In some contexts that's actually an extremely useful warning.

Sure, but my point is that -Werror is not always a good thing. You have a struct with 3 ints and then you add a bool and the compiler decides to pad the struct up to the size of 4 ints. When you have twelve of those structs obeying the -Werror is basically saying "stop the train! There's 36 bytes of wasted memory on the tracks", which is kinda ridiculous. I think it should be a note, not a warning, but until then -Werror is kinda broken for me.

You can selectively disable that particular warning with '-Wno-xxxx'. That way you get the ease of -Werror and you can get rid of those warnings that get in your way.

Yes, that is one approach that may be useful for some more esoteric warnings.

All current compilers also have mechanisms to selectively ignore warnings via pragmas, like '#pragma GCC diagnostic ignored "-Wfoo"' in clang and GCC, which can be used to suppress instances of false positives of otherwise useful warnings.



IMHO not using -Werror is just inexcusable.

All warnings are an indicator that things are not going as planned - which means some aspect of the code is either unplanned/misplanned/misunderstood. A warning is a clue that things are not as they seem..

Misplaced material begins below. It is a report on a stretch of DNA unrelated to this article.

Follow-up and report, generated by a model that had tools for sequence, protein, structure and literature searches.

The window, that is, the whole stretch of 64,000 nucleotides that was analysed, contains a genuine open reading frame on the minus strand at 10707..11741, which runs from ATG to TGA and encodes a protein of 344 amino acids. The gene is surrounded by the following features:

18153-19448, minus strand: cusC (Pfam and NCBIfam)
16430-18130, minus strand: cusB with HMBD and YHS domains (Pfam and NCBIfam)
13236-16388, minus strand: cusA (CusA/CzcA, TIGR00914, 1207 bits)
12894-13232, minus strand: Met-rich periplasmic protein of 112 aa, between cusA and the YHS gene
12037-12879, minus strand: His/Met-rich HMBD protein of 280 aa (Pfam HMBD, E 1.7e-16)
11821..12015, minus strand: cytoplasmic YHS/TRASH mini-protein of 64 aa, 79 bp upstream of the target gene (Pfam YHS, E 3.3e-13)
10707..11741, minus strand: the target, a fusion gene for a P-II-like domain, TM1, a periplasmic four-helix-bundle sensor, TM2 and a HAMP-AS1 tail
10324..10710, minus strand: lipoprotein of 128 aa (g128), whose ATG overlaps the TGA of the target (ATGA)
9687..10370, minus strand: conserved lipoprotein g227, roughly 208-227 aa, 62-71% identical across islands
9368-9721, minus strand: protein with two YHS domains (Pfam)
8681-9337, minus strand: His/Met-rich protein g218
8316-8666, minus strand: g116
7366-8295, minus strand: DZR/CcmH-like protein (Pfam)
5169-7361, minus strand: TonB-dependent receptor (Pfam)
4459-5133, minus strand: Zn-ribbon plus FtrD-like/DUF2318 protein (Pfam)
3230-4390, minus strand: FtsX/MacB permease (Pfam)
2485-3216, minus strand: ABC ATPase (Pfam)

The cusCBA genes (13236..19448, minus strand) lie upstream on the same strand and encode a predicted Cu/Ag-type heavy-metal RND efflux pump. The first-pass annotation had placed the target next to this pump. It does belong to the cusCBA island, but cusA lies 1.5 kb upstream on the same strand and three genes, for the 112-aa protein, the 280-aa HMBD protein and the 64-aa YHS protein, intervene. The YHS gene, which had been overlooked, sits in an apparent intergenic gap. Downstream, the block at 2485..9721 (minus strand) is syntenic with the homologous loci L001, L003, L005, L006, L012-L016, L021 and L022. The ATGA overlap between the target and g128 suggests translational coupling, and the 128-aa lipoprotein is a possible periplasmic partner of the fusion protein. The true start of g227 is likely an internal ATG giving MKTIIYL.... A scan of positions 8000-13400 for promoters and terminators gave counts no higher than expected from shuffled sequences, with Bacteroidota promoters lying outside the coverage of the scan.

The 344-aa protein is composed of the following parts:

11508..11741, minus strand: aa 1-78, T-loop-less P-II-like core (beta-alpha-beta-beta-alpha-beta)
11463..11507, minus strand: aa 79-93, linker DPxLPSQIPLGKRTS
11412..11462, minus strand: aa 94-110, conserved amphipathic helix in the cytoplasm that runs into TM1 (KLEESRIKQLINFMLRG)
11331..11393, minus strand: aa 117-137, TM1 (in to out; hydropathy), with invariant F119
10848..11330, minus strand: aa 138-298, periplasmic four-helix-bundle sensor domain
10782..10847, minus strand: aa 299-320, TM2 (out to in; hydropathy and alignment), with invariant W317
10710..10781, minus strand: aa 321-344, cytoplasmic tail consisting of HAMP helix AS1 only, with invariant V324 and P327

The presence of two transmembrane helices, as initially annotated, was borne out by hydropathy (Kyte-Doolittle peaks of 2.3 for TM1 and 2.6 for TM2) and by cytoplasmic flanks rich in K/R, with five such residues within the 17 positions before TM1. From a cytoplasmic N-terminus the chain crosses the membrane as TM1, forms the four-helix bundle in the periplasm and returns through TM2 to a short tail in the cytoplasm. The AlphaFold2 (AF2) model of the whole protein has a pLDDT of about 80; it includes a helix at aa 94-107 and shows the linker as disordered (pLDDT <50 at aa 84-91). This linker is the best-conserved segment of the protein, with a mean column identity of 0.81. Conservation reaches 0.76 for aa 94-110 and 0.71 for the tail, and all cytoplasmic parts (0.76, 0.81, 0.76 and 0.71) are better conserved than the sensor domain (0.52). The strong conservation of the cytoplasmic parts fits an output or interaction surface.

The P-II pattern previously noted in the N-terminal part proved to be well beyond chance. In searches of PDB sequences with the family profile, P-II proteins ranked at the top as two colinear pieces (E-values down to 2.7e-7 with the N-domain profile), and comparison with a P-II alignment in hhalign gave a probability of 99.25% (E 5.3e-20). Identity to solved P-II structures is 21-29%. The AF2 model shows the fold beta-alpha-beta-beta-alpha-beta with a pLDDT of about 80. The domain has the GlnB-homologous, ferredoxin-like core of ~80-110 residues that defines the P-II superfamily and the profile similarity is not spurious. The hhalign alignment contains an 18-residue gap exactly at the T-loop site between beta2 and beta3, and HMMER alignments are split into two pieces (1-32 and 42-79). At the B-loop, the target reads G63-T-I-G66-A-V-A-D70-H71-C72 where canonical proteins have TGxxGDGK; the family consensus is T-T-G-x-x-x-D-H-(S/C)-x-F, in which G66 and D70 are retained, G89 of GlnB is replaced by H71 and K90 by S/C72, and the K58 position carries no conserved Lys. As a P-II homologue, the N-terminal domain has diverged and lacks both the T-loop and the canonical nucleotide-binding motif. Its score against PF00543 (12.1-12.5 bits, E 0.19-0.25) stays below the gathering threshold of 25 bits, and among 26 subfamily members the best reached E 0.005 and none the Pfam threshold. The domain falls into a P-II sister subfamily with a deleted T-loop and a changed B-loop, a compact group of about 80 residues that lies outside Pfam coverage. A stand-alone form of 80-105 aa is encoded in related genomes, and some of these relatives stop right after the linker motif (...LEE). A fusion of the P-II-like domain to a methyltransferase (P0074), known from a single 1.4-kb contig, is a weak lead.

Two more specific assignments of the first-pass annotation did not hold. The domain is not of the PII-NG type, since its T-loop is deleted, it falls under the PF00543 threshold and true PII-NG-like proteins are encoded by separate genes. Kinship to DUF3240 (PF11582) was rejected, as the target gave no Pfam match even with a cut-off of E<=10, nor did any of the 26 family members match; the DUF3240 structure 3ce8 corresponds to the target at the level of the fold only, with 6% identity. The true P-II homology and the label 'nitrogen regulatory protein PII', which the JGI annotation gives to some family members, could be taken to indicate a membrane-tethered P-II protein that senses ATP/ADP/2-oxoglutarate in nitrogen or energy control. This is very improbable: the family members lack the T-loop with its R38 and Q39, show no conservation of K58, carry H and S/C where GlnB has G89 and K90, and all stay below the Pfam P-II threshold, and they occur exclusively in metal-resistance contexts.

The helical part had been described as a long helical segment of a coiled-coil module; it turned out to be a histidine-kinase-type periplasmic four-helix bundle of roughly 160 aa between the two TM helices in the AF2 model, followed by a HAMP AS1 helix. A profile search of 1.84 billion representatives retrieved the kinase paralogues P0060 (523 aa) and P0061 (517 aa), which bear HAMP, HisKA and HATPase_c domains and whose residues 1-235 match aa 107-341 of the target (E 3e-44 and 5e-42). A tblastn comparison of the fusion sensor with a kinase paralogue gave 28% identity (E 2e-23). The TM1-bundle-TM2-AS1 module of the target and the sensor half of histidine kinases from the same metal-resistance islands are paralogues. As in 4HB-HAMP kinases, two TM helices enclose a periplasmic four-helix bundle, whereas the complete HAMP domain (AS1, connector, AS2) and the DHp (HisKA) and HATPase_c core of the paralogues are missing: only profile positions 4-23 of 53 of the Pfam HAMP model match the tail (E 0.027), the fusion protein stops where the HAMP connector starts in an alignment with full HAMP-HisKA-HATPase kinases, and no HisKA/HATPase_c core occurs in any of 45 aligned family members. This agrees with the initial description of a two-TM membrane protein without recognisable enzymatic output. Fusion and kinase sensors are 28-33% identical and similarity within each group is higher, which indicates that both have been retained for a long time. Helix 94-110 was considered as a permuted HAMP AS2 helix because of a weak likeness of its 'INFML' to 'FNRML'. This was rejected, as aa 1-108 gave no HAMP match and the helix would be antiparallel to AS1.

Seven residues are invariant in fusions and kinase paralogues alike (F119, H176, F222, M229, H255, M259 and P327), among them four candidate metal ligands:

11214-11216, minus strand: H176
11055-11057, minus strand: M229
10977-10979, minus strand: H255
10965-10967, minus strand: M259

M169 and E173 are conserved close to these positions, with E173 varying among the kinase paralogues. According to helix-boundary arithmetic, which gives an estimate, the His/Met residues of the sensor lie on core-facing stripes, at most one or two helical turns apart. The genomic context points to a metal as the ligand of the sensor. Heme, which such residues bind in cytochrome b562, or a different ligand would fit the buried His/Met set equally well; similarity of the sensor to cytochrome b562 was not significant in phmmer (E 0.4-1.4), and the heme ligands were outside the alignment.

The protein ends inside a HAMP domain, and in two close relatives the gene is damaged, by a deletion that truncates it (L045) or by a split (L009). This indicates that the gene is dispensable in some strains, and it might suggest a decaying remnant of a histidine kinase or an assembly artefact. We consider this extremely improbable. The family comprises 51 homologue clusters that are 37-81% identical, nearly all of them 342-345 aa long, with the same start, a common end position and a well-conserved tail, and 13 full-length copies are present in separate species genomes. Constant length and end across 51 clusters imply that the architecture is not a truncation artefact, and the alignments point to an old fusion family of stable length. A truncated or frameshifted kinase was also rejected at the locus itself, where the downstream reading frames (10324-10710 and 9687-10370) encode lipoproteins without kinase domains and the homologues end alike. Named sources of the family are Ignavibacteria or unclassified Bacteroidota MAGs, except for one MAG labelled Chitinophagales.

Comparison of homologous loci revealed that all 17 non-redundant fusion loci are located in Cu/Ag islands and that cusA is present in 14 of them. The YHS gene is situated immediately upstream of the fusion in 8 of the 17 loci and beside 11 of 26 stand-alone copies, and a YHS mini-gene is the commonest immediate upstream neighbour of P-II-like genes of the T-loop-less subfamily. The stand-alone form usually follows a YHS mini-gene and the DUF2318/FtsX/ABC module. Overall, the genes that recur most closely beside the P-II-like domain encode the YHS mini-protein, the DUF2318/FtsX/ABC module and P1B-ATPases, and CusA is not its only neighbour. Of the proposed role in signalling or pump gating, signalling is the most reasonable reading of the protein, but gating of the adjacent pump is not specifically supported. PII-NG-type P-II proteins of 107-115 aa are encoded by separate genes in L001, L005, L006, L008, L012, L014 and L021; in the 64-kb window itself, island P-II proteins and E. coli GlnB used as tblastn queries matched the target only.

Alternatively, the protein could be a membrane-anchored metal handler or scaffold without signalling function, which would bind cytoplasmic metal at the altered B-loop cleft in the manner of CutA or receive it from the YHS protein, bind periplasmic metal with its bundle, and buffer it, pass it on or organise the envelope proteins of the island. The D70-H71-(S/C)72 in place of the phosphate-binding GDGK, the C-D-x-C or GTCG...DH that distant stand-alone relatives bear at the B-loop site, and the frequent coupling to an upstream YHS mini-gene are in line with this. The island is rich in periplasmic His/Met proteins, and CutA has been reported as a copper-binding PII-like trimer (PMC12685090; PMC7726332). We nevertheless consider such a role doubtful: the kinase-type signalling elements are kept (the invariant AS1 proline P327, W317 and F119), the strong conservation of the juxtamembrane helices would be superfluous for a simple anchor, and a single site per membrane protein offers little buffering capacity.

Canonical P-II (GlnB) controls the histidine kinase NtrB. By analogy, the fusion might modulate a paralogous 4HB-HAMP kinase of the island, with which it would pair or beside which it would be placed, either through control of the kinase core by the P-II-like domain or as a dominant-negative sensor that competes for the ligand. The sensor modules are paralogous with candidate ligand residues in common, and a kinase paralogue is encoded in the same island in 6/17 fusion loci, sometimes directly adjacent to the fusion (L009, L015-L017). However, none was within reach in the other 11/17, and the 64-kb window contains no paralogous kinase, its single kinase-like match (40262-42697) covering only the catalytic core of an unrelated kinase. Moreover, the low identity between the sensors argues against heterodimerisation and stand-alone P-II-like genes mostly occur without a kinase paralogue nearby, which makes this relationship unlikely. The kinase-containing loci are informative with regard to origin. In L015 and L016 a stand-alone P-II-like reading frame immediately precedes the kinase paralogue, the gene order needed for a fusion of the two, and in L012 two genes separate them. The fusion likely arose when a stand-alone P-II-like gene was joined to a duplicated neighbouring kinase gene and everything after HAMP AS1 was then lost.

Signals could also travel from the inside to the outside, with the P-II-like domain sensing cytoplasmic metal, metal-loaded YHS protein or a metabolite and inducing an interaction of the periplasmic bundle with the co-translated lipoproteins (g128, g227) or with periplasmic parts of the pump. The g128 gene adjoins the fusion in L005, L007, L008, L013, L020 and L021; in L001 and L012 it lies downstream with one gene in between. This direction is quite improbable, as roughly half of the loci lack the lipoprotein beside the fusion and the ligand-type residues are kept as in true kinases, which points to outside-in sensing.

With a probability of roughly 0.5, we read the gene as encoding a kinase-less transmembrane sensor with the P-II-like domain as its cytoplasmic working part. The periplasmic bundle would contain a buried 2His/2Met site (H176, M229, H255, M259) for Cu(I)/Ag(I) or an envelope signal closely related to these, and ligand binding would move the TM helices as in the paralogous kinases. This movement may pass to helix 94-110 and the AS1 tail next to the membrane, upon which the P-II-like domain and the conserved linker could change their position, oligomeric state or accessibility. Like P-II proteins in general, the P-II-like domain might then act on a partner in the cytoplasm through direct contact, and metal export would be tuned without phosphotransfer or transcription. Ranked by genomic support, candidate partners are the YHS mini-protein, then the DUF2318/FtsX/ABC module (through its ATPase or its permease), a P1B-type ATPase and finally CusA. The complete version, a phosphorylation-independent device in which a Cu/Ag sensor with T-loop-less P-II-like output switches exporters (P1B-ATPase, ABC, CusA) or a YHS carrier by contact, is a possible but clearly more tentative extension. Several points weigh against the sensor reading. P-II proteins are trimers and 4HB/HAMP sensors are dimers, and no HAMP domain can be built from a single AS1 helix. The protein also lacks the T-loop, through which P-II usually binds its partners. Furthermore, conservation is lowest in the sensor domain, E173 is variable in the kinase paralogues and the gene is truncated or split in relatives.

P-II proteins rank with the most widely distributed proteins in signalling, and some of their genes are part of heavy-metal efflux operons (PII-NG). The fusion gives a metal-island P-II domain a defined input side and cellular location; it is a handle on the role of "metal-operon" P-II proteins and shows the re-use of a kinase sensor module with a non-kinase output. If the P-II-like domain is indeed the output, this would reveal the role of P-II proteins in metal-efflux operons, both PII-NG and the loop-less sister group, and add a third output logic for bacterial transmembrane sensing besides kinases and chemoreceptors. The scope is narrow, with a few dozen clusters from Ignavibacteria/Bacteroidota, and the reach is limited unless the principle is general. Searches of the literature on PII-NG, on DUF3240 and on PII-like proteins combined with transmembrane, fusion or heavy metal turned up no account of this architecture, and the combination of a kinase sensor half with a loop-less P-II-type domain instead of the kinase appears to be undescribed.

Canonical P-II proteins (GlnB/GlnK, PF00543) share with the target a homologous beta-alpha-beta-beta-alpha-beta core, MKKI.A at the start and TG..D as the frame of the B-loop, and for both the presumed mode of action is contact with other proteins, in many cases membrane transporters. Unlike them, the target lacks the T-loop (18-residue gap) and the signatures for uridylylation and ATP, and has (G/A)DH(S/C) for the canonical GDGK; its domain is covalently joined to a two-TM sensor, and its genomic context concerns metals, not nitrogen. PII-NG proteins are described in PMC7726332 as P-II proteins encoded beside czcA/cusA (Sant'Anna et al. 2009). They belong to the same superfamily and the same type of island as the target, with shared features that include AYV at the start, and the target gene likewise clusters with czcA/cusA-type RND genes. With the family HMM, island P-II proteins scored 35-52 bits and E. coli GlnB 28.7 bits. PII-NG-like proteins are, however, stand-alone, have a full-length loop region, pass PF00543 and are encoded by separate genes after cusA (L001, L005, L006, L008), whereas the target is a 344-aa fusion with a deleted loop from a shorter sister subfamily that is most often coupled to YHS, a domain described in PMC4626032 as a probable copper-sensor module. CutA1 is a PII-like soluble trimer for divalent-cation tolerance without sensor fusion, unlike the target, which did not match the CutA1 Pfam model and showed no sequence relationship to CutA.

Of course, this is not as simple as it seems.

1 - Some tools and libraries (like GTK - yeah) like to throw unfixable warnings. "Yeah, this platform is missing this feature so let's throw a warning"

2 - Sometimes fixing a warning results in something much more complicated than the original code. (see for example half of PyLint warnings)

So, for that to work it's important the tool warnings are good (and at least with GCC on C they usually are)

When I did mission critical work we basically did not use libraries if at all possible. You need to know how everything works, and you need to be able to fix it. I'm pretty sure the NASA paper is written within that context.

But yes, that is a huge pet peeve of mine. I have all my QT header includes wrapped with pragmas to turn off warning because otherwise they spit out endless, useless warnings.